Inner City, Suburban Dialysis Clinics Perform Equally

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LAS VEGAS—Clinics that deliver dialysis to inner-city patients, many of whom live below the poverty level, are performing just as well as other clinics nationwide based on DaVita’s Dialysis Quality Indicators (DQI), according to new research presented at the National Kidney Foundation's Spring Clinical Meetings.

"These findings are very encouraging," said Dr. Lynda Szczech, MD, MSCE, president of the National Kidney Foundation. "Regardless of where people are receiving dialysis, they should feel confident about the quality of their care."

During the study, researchers led by Rich Mutell, Director, Health Economics and Medical Informatics at DaVita,compared metrics associated with quality of care between patients of 63 urban and 1,298 non-urban clinics. All inner-city clinics were located in dense population areas with at least 1 in 5 families living below the poverty level.

Researchers looked at whether patients in both groups had received proper vaccinations, if their anemia was under control, and how many had a type of access for dialysis that minimizes the risk of infections. They also noted how efficient dialysis was in removing toxins from patients' bodies, and the percentage of patients with healthy blood levels of parathyroid hormone, calcium, phosphorus, and albumin.They found that clinics serving in urban areas were faring just as well as clinics outside of those areas.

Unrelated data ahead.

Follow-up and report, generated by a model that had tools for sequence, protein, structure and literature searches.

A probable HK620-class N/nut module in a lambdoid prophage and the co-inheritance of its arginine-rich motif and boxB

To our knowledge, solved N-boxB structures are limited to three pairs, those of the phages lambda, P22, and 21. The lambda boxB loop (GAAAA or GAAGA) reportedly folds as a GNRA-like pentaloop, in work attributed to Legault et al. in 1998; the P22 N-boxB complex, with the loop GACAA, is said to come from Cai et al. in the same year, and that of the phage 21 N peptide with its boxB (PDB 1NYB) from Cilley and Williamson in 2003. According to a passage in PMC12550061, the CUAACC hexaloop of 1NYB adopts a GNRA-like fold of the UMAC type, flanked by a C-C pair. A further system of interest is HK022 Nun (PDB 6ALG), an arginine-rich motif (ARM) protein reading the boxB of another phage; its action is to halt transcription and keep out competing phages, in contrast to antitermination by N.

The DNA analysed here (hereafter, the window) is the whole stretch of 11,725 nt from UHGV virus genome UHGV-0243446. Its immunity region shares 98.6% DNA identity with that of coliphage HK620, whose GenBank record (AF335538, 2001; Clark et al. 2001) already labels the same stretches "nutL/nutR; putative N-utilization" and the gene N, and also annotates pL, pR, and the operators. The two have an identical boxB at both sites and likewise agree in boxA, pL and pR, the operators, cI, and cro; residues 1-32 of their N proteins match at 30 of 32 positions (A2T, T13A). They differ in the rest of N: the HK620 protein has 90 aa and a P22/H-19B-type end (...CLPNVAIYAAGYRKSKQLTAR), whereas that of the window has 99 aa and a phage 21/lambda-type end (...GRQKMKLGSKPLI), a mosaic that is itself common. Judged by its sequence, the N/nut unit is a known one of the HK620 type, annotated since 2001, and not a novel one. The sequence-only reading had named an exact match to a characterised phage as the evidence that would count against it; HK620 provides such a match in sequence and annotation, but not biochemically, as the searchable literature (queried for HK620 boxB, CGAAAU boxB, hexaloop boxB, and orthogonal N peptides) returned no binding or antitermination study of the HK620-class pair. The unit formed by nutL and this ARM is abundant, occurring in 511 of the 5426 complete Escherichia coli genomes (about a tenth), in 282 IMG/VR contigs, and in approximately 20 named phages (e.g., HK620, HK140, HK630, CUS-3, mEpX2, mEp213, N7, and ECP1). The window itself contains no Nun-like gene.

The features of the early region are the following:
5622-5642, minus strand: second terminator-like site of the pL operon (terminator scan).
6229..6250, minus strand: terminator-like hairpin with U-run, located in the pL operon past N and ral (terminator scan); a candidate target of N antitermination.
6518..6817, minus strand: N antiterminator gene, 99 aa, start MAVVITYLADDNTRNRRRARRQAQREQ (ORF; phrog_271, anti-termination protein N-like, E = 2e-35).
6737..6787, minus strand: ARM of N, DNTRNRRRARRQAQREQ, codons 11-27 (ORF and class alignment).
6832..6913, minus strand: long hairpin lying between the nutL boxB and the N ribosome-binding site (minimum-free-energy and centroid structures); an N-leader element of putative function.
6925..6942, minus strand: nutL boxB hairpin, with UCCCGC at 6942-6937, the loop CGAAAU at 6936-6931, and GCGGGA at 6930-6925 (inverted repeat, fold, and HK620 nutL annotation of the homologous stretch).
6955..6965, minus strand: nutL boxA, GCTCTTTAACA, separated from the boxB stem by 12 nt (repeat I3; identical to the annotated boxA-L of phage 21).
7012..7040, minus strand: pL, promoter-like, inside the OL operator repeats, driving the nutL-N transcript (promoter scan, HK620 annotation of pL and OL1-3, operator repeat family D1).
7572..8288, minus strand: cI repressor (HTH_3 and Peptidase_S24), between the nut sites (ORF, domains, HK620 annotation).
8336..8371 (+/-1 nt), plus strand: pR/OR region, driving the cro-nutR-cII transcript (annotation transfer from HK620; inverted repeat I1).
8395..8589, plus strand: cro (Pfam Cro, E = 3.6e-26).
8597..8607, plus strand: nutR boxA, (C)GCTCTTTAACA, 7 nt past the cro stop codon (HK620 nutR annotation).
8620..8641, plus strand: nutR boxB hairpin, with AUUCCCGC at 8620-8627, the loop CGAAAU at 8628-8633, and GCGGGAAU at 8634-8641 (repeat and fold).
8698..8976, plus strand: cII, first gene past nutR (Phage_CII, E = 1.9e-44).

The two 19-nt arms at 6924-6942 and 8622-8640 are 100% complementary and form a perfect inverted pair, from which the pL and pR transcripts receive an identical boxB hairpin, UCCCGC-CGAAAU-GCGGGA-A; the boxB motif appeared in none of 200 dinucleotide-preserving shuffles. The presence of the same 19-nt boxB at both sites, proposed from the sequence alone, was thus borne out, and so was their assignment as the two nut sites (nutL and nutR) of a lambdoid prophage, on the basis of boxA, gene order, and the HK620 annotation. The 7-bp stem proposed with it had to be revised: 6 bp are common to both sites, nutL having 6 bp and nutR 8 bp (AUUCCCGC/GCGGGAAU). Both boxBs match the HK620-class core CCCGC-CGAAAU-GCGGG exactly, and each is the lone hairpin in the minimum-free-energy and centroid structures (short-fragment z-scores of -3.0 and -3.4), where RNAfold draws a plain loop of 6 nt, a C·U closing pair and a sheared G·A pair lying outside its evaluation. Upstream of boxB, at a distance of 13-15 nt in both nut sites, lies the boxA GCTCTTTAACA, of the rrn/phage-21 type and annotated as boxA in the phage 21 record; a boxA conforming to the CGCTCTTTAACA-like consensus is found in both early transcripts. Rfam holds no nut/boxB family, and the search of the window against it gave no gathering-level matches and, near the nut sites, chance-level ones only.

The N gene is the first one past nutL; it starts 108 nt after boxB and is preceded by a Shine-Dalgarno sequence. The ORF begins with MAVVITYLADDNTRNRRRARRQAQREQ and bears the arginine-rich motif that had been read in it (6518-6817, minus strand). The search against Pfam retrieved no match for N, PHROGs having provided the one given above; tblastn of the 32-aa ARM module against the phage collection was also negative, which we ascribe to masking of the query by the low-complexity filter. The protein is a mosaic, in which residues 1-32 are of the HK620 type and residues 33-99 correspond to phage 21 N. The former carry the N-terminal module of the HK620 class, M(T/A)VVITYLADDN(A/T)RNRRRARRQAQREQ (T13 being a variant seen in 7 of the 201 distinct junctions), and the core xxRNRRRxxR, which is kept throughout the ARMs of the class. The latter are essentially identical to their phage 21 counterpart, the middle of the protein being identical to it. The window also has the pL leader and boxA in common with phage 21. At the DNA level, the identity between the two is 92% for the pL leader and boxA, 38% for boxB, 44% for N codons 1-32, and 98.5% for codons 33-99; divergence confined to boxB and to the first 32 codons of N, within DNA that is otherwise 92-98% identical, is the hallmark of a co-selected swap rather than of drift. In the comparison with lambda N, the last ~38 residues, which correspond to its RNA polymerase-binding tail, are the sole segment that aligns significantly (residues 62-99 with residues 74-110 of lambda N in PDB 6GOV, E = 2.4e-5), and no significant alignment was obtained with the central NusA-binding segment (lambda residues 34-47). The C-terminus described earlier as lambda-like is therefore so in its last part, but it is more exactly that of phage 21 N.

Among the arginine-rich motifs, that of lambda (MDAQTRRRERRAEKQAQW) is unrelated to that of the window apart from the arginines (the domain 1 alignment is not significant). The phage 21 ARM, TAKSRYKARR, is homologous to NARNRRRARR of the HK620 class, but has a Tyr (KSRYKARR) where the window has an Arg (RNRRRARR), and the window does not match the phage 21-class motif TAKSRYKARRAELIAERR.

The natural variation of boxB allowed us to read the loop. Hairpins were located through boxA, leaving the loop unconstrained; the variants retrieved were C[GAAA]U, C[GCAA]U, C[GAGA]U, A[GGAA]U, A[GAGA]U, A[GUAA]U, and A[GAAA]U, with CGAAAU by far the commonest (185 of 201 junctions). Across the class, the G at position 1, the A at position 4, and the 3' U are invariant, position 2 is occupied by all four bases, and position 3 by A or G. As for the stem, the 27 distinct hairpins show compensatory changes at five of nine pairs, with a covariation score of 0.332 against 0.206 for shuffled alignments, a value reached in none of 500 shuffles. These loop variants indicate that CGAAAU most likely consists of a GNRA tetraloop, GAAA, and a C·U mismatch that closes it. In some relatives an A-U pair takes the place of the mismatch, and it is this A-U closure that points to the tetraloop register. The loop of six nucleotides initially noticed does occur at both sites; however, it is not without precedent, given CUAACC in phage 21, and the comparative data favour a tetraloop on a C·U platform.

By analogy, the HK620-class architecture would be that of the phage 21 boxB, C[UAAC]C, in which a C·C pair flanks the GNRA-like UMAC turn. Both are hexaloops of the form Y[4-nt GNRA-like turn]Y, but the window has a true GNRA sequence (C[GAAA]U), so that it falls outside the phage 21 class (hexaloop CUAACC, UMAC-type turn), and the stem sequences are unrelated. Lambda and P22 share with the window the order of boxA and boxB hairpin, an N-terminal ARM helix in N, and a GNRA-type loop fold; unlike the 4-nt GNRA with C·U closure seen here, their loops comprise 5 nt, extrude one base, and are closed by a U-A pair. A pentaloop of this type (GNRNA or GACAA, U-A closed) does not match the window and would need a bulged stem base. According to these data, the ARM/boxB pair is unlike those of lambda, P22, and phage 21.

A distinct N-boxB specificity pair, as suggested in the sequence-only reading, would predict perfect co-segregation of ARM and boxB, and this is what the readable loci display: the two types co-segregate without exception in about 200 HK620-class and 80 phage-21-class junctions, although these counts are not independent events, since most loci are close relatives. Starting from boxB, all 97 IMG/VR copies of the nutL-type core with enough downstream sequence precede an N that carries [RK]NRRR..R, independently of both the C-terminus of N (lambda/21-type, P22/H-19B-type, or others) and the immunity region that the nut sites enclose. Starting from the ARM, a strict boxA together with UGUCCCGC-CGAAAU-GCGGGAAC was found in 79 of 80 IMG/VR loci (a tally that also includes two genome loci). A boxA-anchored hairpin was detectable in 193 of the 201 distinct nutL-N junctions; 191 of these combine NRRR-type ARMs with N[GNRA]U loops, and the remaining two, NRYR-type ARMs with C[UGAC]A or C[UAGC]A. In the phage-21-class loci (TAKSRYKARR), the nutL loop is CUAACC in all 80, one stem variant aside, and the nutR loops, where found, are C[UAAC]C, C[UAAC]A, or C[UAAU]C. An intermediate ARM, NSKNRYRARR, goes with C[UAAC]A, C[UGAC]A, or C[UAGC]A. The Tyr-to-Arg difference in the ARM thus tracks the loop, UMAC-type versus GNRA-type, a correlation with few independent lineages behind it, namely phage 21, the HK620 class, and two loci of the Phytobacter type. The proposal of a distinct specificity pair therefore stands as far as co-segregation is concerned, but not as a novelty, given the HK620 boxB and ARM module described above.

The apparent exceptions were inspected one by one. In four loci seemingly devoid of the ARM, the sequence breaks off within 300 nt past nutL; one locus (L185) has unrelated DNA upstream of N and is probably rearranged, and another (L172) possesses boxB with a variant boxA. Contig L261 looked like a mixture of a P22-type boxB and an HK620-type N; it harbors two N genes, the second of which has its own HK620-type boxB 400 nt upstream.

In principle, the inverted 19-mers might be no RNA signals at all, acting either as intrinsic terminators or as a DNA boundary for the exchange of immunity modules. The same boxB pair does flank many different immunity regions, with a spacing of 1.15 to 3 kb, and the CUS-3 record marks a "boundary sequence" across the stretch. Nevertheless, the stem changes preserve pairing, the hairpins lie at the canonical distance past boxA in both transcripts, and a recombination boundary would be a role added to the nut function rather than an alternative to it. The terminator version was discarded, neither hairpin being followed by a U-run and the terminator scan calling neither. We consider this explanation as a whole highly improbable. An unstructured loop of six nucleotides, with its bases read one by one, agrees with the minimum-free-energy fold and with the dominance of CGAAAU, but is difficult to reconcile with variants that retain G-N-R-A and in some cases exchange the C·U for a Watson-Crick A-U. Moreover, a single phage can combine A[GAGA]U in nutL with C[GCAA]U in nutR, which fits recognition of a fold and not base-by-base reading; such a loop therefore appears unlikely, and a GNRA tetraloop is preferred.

“Other research often paints a more discouraging picture of the health of people living in poor, urban areas but this study shows that this presumed disadvantage does not extend to dialysis clinics,” Mutell stated.One reason inner-city clinics fare just as well as their non-urban counterparts is that all clinic administrators focus on these particular metrics as a way to keep their patients healthy.  Sometimes studies that examine the health of inner-city adults only look at one single metric—such as anemia—and taking a broader perspective by including additional metrics may present a more accurate picture, noted Mutell.

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